Policymakers and influential media warned that Turkey’s developing ties with Iran could be counterproductive to the EU’s efforts to convince Teheran that it should abandon its nuclear weapons programme.
“Policymakers in the West are getting worried that Turkey’s growing ties with Iran – by lessening that country’s sense of isolation – may frustrate diplomatic efforts to prevent Tehran from building a nuclear bomb,” writes Katinka Barysch of the Centre of European Reform (CER) in a paper published on 4 November.
Relationships between Turkey and Iran are on the upturn. On 27-28 October, Turkish Prime Minister Recep Tayyip Erdogan embarked on a two-day visit to Iran. There he met President Mahmoud Ahmadinejad and Supreme Leader Ayatollah Ali Khamenei. The visit was also an occasion to discuss gas transit, trade and energy agreements.
“The Erdogan government values its relationship with Iran as part of its ‘zero problem’ neighbourhood policy. Having been more or less isolated in the region only 20 years ago, Turkey now has flourishing political and trade links with most of its immediate neighbours,” Barysch writes.
This trip was anticipated in an interview with the Guardian newspaper, which saw the Turkish prime minister state that Iran was Turkey’s friend. “As a friend so far we have had very good relations and have no difficulty at all.” During his stay, Erdogan also stressed that the Iranian nuclear project is “an energy project that is peaceful and humanitarian”. This assertion contradicts the Commission’s 2009 progress report, which states that “Turkey supports the EU position on Iran’s nuclear programme”.
The Iran-Turkey relationship is also motivated by economic interests. “Trade between Turkey and Iran has been growing fast in recent years, to reach an estimated $6 billion in 2008. Politicians from both sides say they want to see that figure double or even triple over the next 5-10 years,” Barysch notes.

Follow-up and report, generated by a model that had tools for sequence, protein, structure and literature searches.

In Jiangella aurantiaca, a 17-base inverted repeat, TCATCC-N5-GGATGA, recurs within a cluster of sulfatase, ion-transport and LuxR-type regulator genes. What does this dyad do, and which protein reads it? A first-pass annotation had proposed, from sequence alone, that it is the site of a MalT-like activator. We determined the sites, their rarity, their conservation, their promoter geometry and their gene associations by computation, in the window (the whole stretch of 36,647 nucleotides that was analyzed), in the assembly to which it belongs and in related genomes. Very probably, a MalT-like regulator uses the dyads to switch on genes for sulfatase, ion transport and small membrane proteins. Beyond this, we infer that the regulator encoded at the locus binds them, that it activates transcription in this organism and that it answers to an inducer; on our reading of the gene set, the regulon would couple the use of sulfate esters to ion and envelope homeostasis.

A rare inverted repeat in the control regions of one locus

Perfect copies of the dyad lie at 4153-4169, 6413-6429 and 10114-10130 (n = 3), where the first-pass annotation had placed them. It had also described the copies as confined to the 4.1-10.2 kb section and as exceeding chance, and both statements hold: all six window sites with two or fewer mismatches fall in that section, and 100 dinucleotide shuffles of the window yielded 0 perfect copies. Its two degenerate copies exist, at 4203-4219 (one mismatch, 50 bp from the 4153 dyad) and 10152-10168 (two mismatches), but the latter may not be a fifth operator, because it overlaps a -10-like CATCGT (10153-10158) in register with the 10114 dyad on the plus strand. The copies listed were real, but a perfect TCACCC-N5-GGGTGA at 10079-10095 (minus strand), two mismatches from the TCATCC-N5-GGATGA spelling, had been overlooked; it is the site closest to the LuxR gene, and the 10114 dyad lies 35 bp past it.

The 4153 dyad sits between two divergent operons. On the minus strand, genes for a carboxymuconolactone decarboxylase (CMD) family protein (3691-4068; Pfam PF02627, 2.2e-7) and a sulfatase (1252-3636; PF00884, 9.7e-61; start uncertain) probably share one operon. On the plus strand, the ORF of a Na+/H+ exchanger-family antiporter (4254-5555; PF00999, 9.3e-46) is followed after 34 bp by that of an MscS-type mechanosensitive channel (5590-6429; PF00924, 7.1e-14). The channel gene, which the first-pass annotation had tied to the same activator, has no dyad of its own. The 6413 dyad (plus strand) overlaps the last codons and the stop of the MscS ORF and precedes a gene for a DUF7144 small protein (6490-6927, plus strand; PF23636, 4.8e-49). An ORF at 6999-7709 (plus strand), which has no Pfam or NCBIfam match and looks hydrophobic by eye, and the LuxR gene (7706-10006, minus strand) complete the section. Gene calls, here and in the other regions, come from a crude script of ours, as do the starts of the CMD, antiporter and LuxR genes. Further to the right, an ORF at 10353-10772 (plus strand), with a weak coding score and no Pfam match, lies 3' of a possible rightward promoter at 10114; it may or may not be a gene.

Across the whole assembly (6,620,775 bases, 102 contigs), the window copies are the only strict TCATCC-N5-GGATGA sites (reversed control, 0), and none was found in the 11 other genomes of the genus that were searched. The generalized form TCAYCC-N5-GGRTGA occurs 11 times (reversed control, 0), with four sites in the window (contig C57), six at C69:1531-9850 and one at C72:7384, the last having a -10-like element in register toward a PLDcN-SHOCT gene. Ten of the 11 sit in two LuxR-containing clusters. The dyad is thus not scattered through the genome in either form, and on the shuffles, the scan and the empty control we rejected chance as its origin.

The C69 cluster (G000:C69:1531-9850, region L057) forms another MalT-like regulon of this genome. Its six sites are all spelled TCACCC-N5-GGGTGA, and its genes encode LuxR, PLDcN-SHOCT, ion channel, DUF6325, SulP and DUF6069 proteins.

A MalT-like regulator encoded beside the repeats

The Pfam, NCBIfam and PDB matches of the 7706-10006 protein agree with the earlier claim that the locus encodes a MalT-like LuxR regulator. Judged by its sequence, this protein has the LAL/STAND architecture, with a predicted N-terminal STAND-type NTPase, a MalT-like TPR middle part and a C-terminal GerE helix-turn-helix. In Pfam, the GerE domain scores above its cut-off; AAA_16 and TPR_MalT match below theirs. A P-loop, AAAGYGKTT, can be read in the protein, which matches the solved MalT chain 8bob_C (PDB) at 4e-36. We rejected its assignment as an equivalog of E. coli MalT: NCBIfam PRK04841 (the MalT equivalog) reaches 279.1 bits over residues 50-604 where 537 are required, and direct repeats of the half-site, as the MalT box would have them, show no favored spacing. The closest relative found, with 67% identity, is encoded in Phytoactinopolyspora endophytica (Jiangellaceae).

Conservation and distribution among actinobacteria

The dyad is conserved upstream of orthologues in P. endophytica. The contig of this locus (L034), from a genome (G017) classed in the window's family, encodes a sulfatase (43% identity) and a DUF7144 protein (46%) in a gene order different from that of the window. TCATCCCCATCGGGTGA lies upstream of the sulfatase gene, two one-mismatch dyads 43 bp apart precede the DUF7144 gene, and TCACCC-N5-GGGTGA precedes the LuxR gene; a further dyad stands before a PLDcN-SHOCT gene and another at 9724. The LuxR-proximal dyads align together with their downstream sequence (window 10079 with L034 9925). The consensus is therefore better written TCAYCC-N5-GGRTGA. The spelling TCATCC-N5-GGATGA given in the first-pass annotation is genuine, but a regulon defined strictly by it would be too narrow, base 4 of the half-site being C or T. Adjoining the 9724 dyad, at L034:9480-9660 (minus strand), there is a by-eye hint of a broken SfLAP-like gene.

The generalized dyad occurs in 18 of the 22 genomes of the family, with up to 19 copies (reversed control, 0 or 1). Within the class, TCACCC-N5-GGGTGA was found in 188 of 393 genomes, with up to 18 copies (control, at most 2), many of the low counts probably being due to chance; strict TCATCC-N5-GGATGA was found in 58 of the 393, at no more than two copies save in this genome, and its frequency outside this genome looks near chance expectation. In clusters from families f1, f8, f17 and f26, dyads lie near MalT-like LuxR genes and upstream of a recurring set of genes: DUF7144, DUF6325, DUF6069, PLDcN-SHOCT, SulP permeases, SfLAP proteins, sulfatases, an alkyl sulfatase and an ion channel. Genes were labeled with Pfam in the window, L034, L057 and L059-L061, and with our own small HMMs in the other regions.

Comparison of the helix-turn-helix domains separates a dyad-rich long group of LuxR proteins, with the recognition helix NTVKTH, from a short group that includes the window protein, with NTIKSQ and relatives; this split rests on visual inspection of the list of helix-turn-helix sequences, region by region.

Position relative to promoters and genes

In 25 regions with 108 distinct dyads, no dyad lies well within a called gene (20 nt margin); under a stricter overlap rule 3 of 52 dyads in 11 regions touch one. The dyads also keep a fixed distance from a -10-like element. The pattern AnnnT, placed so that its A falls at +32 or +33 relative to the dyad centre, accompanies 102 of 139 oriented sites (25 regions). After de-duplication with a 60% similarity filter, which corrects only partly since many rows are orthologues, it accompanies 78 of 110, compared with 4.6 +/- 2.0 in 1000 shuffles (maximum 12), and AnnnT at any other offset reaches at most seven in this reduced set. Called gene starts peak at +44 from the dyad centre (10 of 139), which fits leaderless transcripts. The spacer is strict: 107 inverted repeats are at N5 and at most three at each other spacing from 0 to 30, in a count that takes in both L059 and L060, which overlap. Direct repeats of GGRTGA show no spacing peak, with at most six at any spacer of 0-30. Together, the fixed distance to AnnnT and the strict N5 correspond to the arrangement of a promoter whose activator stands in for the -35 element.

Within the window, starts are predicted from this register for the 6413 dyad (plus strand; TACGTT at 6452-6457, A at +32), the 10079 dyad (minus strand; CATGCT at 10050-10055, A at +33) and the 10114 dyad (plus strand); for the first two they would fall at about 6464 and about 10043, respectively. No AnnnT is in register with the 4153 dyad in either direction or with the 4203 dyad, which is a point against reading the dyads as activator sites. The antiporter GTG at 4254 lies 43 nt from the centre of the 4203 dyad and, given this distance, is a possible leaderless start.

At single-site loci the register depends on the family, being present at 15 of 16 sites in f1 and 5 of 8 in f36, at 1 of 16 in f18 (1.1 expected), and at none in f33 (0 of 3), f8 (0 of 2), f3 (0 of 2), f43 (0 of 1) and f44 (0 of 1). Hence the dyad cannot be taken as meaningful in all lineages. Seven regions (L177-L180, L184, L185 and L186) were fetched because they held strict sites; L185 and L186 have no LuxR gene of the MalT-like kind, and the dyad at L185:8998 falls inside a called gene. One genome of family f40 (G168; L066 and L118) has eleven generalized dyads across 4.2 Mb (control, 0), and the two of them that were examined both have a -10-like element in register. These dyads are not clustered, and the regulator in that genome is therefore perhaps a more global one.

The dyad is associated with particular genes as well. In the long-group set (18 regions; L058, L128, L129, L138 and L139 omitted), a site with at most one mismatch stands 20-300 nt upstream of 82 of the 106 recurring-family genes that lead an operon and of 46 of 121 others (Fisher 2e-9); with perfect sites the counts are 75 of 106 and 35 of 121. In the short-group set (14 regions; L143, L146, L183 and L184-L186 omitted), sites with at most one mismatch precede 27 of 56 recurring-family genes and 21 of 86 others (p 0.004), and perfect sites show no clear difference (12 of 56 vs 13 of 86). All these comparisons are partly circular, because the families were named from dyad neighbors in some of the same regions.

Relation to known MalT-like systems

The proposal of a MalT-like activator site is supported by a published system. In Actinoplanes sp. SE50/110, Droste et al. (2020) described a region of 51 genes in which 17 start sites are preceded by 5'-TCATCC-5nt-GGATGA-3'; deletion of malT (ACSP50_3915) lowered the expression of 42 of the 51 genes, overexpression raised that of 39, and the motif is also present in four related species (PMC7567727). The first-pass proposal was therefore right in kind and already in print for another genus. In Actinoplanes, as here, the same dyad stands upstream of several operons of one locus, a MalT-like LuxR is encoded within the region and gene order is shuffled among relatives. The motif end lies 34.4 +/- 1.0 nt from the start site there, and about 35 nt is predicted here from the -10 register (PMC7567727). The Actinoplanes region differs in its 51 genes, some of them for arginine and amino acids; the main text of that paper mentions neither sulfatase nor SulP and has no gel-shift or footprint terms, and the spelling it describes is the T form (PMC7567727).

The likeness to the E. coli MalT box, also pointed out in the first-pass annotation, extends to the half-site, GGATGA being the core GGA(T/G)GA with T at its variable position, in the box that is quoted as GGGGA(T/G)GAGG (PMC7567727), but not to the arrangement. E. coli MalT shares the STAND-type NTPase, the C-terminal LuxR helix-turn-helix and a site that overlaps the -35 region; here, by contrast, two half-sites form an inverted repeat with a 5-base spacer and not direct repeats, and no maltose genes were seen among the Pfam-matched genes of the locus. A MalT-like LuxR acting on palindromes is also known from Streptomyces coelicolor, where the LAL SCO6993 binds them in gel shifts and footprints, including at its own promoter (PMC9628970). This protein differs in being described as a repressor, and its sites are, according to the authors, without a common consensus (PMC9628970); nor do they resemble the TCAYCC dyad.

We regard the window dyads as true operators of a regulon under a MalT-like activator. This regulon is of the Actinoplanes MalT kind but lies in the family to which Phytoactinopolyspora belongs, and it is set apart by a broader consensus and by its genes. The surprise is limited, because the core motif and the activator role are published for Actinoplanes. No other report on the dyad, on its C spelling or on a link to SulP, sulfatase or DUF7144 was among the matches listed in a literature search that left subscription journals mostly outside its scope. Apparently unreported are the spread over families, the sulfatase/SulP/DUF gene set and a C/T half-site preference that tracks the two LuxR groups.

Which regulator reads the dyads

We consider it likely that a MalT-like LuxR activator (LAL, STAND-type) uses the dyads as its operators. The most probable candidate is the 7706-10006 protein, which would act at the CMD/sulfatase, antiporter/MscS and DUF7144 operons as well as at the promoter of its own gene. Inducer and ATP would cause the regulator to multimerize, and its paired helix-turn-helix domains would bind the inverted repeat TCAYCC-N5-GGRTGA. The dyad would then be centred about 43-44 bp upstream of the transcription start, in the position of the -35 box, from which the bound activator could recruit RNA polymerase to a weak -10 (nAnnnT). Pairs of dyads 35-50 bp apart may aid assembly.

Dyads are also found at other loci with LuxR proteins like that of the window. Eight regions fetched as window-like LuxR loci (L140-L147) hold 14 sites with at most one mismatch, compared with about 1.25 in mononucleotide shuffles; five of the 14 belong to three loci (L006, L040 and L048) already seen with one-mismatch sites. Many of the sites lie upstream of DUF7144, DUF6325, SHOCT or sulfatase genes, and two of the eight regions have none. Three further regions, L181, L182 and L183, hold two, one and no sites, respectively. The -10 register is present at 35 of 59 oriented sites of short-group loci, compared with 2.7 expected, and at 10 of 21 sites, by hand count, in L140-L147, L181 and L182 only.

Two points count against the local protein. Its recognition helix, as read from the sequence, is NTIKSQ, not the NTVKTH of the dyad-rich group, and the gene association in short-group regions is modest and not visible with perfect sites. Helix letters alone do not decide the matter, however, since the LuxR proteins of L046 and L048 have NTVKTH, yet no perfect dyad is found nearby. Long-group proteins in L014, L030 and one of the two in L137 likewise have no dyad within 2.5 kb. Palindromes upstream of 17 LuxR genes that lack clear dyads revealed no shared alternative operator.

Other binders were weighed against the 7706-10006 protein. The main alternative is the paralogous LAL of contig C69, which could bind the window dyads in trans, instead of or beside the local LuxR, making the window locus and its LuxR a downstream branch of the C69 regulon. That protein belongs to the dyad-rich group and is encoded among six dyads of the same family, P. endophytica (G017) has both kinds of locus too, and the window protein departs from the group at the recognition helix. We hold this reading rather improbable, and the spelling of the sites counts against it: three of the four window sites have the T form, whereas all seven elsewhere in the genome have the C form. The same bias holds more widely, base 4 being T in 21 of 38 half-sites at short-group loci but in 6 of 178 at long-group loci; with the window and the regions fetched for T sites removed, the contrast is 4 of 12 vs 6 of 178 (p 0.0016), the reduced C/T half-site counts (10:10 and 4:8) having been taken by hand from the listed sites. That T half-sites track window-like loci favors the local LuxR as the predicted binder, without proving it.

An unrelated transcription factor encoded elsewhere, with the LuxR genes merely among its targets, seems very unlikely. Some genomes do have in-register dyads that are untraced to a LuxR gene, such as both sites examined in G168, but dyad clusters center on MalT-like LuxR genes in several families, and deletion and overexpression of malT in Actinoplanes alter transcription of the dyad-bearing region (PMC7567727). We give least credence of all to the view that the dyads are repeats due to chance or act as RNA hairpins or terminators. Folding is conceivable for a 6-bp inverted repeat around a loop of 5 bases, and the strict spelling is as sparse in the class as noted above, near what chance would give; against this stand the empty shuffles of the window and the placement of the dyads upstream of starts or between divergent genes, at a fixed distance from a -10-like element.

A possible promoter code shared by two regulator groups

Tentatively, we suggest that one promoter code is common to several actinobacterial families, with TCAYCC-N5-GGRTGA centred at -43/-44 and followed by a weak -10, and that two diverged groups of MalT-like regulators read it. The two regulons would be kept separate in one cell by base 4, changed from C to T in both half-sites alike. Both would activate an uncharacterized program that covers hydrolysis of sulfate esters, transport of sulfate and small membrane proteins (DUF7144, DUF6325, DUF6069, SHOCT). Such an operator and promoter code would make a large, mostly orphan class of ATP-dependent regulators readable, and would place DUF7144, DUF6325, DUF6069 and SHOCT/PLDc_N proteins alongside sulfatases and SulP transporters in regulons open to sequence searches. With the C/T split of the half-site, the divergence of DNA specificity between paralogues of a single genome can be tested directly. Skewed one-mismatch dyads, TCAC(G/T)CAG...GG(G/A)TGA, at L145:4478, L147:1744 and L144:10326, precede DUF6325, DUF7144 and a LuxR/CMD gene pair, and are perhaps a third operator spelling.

European opinion is divided. “Some European countries say Turkey’s improved ties with Iran could help EU policy in the Middle East and boost world powers’ efforts to stop Iran developing a nuclear bomb. Others fear Ankara could be turning its back on Europe and its policy could hinder talks on Iran’s nuclear enrichment programme by reducing Tehran’s isolation,” writes Timothy Heritage of Reuters.
Stronger scepticism towards Ankara’s position can be found in Germany, where German Chancellor Angela Merkel is said to have raised concerns about the rapprochement between Turkey and Iran. Officials have also pointed to the increasing difficulties emerging within NATO over friction between Turkey and Israel.
Turkey’s foreign policy ambitions are facing a dilemma. “As a long-standing NATO member and a country negotiating for EU membership, Turkey is expected to align itself with the US and Europe. As a regional power, Turkey will want to act independently and avoid antagonising its neighbours. It is not clear how long Ankara will be able to avoid tough choices,” Barysch concludes.
Recently, Turkish Foreign Minister Ahmet Davutoglu told journalists in Brussels that his country was in fact helping the West during ongoing tensions over Iran’s nuclear programme. He said his country was pursuing a policy of “zero problems” with its neighbours, with all of which he said relations were “very good” (EURACTIV 05/10/09).